J. Cole - KOD Review

J. Cole's KOD's title track starts out hungry, running with another persona boasting over hard bass, brooding synths and luring harmonies. This immediate assumption of another character follows the storytelling that threads the artist's nine project career together. Cole began kneading out tales of his own life, then his home, and now he's spreading trap-drum-coated medicine for the youth, and their many addictions.

    Photograph delves into Instagram escapism over dripping bass lines accented by sharp high hats while ATM contrasts choral anthems with chest thumping kicks, and the fast money lifestyle with the "big bills" that inevitably follow. BRACKETS slows over a net of percussion and soothing acoustic guitar. Cole reveals the ugly surprise of Uncle Sam's cut, furiously questioning the disproportionate destination of the tax money. His line,

Democracy is too fucking slow/If I'm giving y'all this hard earned bread, I wanna know/Better yet let me decide/Bitch it's 2018/Let me pick the things I'm funding from an app on my screen

demanding a solution, actually, isn't a bad idea.  

    1985 (Intro to "The Fall Off") shakes off the notorious Lil Pump diss with a instrumental and flow straight off A Tribe Called Quest's Low End Theory. Lyrically spinning a young rapper through backhanded counsel, wisdom dripping with condescension, the 33-year-old Cole stops on the racial impact of these young rappers, and the "hip-hop hypocrisy sold to white economies" (Noname - Members Only) that results in their dissipation due to fast fans and fading trends.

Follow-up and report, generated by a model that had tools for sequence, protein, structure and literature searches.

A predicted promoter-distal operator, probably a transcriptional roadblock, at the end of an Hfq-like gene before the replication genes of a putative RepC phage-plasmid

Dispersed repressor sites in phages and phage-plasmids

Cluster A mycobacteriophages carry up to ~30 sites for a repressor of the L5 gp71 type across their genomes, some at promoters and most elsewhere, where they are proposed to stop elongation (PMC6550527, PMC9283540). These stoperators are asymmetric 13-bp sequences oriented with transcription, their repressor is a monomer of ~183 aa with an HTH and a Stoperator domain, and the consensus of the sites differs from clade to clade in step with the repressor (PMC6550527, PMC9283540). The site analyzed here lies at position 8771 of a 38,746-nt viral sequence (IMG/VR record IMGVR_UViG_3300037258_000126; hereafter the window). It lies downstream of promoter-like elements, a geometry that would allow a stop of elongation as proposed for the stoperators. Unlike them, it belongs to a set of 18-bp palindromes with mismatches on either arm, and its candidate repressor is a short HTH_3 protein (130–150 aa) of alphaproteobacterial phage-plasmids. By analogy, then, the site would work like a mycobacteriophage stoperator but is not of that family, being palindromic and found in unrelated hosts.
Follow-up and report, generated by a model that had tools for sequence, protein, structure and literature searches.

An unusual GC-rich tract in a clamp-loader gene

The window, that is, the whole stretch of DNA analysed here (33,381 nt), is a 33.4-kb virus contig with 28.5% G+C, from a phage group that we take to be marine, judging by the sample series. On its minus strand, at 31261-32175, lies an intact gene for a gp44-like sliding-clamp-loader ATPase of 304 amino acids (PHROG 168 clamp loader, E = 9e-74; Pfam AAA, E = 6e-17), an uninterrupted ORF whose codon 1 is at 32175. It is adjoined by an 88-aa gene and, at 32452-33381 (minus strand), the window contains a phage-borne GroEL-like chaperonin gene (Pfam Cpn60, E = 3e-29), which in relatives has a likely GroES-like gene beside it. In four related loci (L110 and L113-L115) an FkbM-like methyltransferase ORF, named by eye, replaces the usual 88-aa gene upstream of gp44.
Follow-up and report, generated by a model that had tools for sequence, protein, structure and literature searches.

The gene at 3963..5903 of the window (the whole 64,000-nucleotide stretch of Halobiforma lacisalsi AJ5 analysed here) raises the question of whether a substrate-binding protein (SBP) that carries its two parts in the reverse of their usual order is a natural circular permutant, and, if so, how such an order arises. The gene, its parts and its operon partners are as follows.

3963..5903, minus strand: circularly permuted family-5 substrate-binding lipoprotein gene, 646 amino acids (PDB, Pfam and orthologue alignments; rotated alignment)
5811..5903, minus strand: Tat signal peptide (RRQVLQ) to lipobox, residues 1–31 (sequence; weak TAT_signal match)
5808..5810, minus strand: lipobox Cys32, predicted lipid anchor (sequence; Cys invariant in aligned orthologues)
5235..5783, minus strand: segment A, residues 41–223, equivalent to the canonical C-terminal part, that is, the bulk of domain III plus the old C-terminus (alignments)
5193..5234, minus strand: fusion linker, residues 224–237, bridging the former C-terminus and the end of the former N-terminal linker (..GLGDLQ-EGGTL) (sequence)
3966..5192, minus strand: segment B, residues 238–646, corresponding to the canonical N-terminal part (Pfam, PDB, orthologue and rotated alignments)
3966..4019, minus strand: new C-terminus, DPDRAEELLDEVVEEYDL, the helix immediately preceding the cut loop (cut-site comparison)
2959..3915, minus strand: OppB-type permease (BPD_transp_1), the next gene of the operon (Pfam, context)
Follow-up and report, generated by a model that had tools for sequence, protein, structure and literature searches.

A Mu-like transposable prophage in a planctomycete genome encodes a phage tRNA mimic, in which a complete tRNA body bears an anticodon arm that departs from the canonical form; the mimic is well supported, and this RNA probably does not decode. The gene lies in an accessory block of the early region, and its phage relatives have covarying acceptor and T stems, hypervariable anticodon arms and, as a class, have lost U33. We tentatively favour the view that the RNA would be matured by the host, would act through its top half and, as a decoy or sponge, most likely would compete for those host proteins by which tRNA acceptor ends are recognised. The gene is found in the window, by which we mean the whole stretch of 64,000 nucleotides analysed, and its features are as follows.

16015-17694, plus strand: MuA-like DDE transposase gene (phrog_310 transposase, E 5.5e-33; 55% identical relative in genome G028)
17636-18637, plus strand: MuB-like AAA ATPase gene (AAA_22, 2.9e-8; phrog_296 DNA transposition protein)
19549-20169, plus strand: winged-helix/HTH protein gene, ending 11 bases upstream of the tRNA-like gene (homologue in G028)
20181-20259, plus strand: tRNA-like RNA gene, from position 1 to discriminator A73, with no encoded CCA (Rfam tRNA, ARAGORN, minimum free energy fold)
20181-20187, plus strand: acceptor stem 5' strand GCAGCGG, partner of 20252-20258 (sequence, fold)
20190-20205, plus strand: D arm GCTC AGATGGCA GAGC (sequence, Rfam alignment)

KOD is another impressive step in the discography of the Fayetteville storyteller. J. Cole delivers searing messages over smooth productions that call the youth like a siren song. While Cole's album challenges any rapper reliant on addictions and trends, KOD is not fighting words to his peers, it's just hip-hop from the newest old head.

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Andis Solomon is a filmmaker from Portland, OR focused on sustainable abstractionism. He is currently pursuing concurrent degrees at the University of Denver in Film Studies & Production and Marketing.